This book investigates three Indian revolts in the Americas: the 1680 uprising of the Pueblo Indians against the Spanish; the Great Rebellion in Bolivia, 1780–82; and the Caste War of Yucatan that began in 1849 and was not finally crushed until 1903. Nicholas A. Robins examines their causes, course, nature, leadership, and goals. He finds common features: they were revitalization movements that were both millenarian and exterminatory in their means and objectives; they sought to restore native rule and traditions to their societies; and they were movements born of despair and oppression that were sustained by the belief that they would witness the dawning of a new age. His work underscores the link that may be found, but is not inherent, between genocide, millennialism, and revitalization movements in Latin America during the colonial and early national periods.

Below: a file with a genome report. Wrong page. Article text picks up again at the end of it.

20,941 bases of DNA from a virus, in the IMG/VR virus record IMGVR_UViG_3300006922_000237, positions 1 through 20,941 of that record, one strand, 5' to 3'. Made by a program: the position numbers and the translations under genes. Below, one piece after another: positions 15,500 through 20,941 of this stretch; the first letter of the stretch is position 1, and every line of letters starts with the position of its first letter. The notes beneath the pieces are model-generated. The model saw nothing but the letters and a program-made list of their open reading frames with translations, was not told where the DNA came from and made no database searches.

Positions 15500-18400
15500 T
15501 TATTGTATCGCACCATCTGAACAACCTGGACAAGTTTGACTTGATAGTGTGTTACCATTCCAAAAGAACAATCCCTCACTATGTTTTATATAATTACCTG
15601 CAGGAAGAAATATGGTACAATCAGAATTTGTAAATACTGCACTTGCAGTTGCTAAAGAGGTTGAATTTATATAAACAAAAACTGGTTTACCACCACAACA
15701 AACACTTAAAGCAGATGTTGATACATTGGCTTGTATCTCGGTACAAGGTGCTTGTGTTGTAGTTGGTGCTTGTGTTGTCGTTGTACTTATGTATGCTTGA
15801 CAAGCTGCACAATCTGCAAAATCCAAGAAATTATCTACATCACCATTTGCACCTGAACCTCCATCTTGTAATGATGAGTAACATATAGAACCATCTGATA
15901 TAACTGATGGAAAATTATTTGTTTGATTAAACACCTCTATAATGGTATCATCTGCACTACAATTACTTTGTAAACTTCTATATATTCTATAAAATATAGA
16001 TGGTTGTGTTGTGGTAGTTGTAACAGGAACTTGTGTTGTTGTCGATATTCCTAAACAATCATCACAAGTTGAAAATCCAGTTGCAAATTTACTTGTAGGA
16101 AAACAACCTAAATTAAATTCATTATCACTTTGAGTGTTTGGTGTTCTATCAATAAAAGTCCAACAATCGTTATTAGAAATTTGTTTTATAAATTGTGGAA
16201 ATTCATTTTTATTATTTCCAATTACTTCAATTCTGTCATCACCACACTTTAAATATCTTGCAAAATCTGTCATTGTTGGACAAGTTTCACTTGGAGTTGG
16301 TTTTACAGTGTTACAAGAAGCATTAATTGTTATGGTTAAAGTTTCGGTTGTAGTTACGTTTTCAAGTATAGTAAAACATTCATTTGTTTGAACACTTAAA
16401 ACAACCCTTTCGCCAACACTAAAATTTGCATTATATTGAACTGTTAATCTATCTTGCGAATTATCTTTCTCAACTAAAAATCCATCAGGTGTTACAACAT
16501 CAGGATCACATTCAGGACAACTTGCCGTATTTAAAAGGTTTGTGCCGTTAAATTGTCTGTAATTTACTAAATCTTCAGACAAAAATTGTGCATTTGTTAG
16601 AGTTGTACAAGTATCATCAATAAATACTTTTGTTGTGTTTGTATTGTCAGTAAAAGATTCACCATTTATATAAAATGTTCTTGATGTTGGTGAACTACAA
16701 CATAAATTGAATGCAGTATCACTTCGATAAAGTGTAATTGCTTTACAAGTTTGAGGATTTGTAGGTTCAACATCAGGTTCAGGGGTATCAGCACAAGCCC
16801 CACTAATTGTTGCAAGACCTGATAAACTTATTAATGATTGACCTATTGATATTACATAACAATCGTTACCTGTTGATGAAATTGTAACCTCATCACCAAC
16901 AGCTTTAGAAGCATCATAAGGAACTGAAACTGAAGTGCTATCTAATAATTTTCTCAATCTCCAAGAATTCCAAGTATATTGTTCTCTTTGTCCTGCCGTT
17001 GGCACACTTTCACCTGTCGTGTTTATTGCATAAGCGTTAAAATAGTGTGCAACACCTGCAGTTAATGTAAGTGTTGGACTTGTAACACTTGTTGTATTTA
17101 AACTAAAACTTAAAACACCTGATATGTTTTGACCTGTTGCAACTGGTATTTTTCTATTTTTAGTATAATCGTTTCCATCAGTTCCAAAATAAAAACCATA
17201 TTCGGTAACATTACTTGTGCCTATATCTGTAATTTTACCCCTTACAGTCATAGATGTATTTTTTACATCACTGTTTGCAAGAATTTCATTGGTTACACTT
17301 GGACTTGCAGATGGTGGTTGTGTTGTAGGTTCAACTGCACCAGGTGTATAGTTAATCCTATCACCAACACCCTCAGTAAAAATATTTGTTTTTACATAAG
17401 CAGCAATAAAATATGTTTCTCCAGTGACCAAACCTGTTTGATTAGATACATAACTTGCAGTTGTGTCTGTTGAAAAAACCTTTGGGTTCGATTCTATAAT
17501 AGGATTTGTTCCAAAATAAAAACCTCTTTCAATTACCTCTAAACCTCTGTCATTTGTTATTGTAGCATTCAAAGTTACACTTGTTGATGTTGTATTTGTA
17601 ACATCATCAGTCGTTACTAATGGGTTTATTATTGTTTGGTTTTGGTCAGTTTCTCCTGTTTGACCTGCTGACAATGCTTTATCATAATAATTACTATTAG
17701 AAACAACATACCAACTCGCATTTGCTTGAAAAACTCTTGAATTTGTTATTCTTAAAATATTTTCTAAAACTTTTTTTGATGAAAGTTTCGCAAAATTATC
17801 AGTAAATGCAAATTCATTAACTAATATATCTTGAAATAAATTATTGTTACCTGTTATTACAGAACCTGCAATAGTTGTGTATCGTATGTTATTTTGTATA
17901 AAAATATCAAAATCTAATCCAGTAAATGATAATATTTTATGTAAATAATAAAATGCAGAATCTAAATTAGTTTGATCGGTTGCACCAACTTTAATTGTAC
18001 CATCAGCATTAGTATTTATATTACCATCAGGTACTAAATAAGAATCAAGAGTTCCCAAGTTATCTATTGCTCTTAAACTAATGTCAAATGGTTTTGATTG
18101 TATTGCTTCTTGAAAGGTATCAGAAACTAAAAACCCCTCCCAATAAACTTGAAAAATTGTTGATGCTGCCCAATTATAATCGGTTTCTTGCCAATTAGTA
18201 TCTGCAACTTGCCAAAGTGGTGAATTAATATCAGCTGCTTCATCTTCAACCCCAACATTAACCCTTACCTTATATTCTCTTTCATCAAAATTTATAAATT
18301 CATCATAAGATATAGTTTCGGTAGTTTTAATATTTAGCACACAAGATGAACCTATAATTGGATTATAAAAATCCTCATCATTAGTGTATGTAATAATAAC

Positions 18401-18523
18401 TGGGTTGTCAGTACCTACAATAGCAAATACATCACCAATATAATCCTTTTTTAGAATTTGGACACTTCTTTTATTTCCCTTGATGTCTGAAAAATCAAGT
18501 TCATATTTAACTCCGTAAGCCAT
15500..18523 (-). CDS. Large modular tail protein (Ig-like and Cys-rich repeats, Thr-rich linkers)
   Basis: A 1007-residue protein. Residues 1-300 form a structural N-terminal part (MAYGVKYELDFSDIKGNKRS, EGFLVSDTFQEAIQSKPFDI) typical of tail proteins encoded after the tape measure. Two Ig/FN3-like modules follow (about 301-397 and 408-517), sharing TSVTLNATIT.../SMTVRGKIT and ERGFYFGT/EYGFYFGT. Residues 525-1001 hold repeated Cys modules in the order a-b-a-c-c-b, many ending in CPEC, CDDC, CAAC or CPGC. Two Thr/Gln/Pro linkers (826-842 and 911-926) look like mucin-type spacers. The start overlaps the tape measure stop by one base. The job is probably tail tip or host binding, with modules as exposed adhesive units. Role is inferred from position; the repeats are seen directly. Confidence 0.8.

Contents Acknowledgments 1. Introduction 2. Millennialism, Nativism, and Genocide 3. Creation through Extermination: Native Efforts to Eliminate the Hispanic Presence in the Americas 4. Nativism, Caste Wars, and the Exterminatory Impulse 5. Rebellion and Relative Deprivation 6. Leadership and Division 7. Atrocity as Metaphor: The Symbolic Language of Rebellion 8. Cultural Assimilation in the Native World 9. Conclusion Appendixes Glossary Notes Bibliography Index
Nicholas A. Robins is a lecturer in the Department of History at North Carolina State University. He is author of Genocide and Millennialism in Upper Peru and The Culture of Conflict in Modern Cuba and editor (with Adam Jones) of Genocides by the Oppressed: Subaltern Genocide in Theory and Practice (IU Press, 2009).